Review: Thirteen Phantasms

Review by Amy Harlib

James P. Blaylock. Thirteen Phantasms and Other Stories Ace Books, NY, April 2003 ISBN#: 0-441-01014-8.

California writer of fantastic fiction James P. Blaylock, though not prolific in the shorter form, has produced award-winners happily included among the 16 stories (two co-authored with Tim Powers), all previously published (but many hard to find), collected together in the book Thirteen Phantasms. This gathering begins with an introduction titled “Five Hundred Dollars” about how Californian local color and eccentricities, folklore, and odd junk shops combined with Blaylock’s own personal interests in aquariums and exotica to influence his writing. Following this interesting beginning, the collection demonstrates the author’s superlative gift for transforming the autobiographical and the mundane into numinous and wondrous fictions.

Thirteen Phantasms, the World Fantasy Award-winning title story, about a man who returns (thanks to some mysterious process), to the “Golden Age” of science fiction by responding to an ad in an old issue of Astounding Science Fiction magazine, delights. So, too, does the other World Fantasy Award recipient, “Paper Dragons”, which sympathetically depicts how one man’s obsession with the creation of a mechanical/clockwork dragon gradually destroys him. Both of these stories – along with “Red Planet”, “Bugs”, “The Better Boy” (with Powers), “The Light of Fading Neon”, “The Old Curiosity Shop”, “Doughnuts”, “We Traverse Afar” (also with Powers), “The Shadow on the Doorstep”, “Myron Chester and the Toads”, and “Unidentified Flying Objects” – all exemplify Blaylock’s magic-surrealism style.

Steeped in Californian, small-town suburban or coastal atmosphere, the author’s fully-dimensional, eccentric characters inhabit narratives in which intricate, quotidian details and objects become filled with a magic and weirdness inextricably connected to the people who interact with them. Very often Blaylock uses first-person narrative voices to effectively communicate the bewilderment, curiosity, wonderment, elation, or even bemused acceptance the characters feel while they experience some odd or bizarre episode in their lives.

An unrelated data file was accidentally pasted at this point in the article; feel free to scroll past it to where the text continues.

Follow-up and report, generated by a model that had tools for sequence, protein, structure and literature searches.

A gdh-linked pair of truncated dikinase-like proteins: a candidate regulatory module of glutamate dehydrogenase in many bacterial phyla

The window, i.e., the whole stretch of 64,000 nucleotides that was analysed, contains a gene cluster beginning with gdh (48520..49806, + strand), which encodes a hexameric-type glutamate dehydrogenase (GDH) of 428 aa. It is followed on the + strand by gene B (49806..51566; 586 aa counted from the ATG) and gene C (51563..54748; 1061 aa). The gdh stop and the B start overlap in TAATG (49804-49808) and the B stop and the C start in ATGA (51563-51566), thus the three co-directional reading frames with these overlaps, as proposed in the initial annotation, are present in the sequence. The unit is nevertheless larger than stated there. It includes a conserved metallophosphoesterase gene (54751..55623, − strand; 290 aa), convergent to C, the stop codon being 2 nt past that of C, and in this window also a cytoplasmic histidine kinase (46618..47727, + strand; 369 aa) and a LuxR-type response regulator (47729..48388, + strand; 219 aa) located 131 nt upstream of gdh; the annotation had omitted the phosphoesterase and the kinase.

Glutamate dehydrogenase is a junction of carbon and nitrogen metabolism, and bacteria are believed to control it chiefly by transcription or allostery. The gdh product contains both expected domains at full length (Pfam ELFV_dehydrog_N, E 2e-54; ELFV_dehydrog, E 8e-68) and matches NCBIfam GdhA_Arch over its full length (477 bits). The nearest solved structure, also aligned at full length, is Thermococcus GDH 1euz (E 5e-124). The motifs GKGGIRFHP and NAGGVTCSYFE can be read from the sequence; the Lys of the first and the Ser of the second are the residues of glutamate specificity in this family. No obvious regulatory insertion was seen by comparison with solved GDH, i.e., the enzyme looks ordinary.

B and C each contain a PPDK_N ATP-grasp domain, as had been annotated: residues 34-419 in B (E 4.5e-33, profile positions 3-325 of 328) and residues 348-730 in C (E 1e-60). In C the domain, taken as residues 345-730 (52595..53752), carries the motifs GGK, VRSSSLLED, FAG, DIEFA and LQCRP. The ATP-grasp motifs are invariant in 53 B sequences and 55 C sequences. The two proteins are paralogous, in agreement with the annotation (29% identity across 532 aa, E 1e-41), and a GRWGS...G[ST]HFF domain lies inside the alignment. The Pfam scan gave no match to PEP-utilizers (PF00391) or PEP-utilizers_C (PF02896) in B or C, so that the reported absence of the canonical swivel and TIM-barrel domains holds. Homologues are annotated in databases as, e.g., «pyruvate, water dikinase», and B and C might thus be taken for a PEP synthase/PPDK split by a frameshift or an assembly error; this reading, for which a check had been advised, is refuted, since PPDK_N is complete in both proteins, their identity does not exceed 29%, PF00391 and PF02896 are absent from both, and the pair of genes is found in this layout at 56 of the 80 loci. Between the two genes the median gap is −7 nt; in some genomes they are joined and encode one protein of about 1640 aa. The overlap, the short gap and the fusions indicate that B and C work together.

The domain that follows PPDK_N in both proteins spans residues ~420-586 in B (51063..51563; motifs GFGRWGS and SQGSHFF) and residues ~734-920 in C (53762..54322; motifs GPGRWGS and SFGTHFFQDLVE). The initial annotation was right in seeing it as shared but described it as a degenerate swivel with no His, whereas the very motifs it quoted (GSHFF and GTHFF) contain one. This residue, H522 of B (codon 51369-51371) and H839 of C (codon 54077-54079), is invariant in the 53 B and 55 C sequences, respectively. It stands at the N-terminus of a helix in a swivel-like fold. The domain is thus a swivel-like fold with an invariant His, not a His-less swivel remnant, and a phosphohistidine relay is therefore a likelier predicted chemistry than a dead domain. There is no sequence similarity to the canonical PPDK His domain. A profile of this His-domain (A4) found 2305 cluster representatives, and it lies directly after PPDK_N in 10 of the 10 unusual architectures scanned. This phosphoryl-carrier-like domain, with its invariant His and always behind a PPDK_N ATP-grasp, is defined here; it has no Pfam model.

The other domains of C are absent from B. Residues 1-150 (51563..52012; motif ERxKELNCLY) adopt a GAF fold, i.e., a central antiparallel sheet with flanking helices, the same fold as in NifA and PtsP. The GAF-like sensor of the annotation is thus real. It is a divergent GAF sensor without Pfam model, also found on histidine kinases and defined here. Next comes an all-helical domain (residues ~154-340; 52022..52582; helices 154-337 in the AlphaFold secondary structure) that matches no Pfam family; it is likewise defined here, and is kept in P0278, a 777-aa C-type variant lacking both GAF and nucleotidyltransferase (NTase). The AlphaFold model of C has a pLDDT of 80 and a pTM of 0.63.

These interesting qualities pertain equally to the remaining four stories. One, “Nets of Silver and Gold”, concerns a California couple vacationing in Normandy who discover (so the husband narrates) a small hotel with a room that features a keyhole which, when peered through, offers visions of scenes from other times and places at unpredictable intervals. The remaining three tales – “The Ape Box Affair”, “Two Views of a Cave Painting” and “The Idol’s Eye”, neo-Victorian “steampunk” fantasies related to Blaylock’s novel Homunculus and the sub-genre of Victorian “club” stories – record the adventures of a certain eccentric scientist/explorer Langdon St. Ives. They contain the most whimsy, overtly strange and uncanny elements, and humorous moments of all the stories in the collection, especially “The Idol’s Eye”, which explains the origin of St. Ives’ nemesis, the sinister hunchback Ignacio Narbondo.

Thirteen Phantasms, an extraordinary gathering of stories that reveals the enormous range that can be found in specific regional settings, exemplifies the magic that can be discovered in the large writ small – how a universe of wonder can be found just around the corner of our everyday world. Edgy yarns situated on that slipstream gap between mainstream literature and genre fiction, the contents of Thirteen Phantasms illuminate the strange and the magical that awaits on the boundaries of our vision for those readers willing to travel where Blaylock’s brilliant, poetic prose will take them.